New crime docudrama adds insights to old cases including Geylang Bahru Tan Children Murders

PHOTO: Screengrab/meWATCH

As crime-solving technologies get more advanced, would it help shed some light on old criminal cases? 

A new Mediacorp docudrama Inside Crime Scene that was released on Friday (March 11) aims to provide new perspectives on six heinous crimes that shook Singapore, including the unsolved Geylang Bahru Tan Children Murders, and the cases of Sunny Ang and Leslie Khoo, who both killed their lovers. 

Through interviews with former police investigators, forensic specialists, crime journalists, criminal psychologists and legal practitioners, each case is revisited in intimate detail, helping audiences understand how the perpetrators are brought to justice. 

But not all the featured cases were solved. 

The second episode of the series takes a look at the unsolved 1979 Geylang Bahru Tan Children Murders, where four children, aged between five and 10, were brutally slashed in their home. 

Ho Yuen, a former journalist who covered the case back then, shared in the episode that his heart still feels heavy when he talks about the incident.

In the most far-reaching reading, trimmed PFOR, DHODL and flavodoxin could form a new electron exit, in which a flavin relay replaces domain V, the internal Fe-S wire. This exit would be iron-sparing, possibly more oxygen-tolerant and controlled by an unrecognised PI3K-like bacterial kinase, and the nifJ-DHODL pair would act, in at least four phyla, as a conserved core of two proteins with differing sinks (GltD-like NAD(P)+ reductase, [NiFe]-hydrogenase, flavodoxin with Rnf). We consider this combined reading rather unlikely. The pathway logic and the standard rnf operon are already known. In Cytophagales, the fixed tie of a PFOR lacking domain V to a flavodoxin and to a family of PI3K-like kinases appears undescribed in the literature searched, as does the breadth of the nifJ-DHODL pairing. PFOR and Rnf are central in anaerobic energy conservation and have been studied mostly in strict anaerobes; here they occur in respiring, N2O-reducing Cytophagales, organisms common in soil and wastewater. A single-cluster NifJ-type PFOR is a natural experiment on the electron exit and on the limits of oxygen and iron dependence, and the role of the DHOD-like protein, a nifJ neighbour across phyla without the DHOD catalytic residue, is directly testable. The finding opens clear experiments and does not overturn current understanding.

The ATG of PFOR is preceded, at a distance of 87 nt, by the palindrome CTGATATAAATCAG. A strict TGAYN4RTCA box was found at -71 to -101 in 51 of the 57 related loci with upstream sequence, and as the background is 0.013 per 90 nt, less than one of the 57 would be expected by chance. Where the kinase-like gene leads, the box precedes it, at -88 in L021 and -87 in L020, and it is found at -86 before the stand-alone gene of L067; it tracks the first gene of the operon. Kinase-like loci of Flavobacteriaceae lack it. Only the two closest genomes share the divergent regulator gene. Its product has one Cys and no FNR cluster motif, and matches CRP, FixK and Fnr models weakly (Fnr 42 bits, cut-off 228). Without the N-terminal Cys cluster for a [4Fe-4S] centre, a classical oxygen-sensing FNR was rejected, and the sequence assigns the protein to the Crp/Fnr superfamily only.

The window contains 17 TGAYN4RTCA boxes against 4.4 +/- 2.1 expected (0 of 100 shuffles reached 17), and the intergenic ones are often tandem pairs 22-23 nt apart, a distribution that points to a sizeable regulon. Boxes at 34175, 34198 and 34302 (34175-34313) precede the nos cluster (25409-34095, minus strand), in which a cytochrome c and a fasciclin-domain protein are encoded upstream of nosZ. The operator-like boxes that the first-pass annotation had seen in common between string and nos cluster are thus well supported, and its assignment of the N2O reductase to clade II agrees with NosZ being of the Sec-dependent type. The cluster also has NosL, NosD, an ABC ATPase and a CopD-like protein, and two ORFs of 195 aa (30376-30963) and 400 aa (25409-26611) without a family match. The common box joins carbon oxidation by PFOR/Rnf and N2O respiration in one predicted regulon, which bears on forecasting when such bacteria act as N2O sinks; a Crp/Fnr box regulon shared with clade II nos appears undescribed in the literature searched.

"I remember waiting about two hours before a police spokesperson told us [about what happened]. We requested to head into the crime scene, but the police said that the four children had died in such a gruesome manner that no one should have to see it." 

The bodies of the four children were found in the toilet, piled on top of one another.

Former Assistant Superintendent of Police, Simon Suppiah, was one of the few people who saw the crime scene and in the episode, he spoke of what he saw. 

Aside from talking about the leads that were investigated back then, the episode also reveals how volunteers from Crime Library Singapore are keeping the case alive by interviewing Geylang Bahru residents for possible new leads. 

Finally, the episode also poses the question of how modern forensic science and criminal psychology — if available then — could lead investigators to the murderer. 

Using the example of the strands of hair that were found in the hands of the oldest child, Associate Professor Stella Tan, Academic Director of the Forensic Science Programme at the National University of Singapore, explained how DNA can be extracted from a person's hair. 

"If we can use today's technology to assess the crime scene, reconstruct it and confirm the identity of the culprit, we can find out what happened with greater certainty." 

@asiaone Geylang Bahru Tan Children Murders - That letter from the murderer... #fyp #singapore #mystery ♬ Spooky piano horror scary - Sound Production Gin

Inside Crime Scene is now available on MeWATCH, and will be aired on Channel 8 every Wednesday at 8pm from March 16. 

Warning: The docudrama contains some graphic scenes, viewer discretion is advised. 

claudiatan@asiaone.com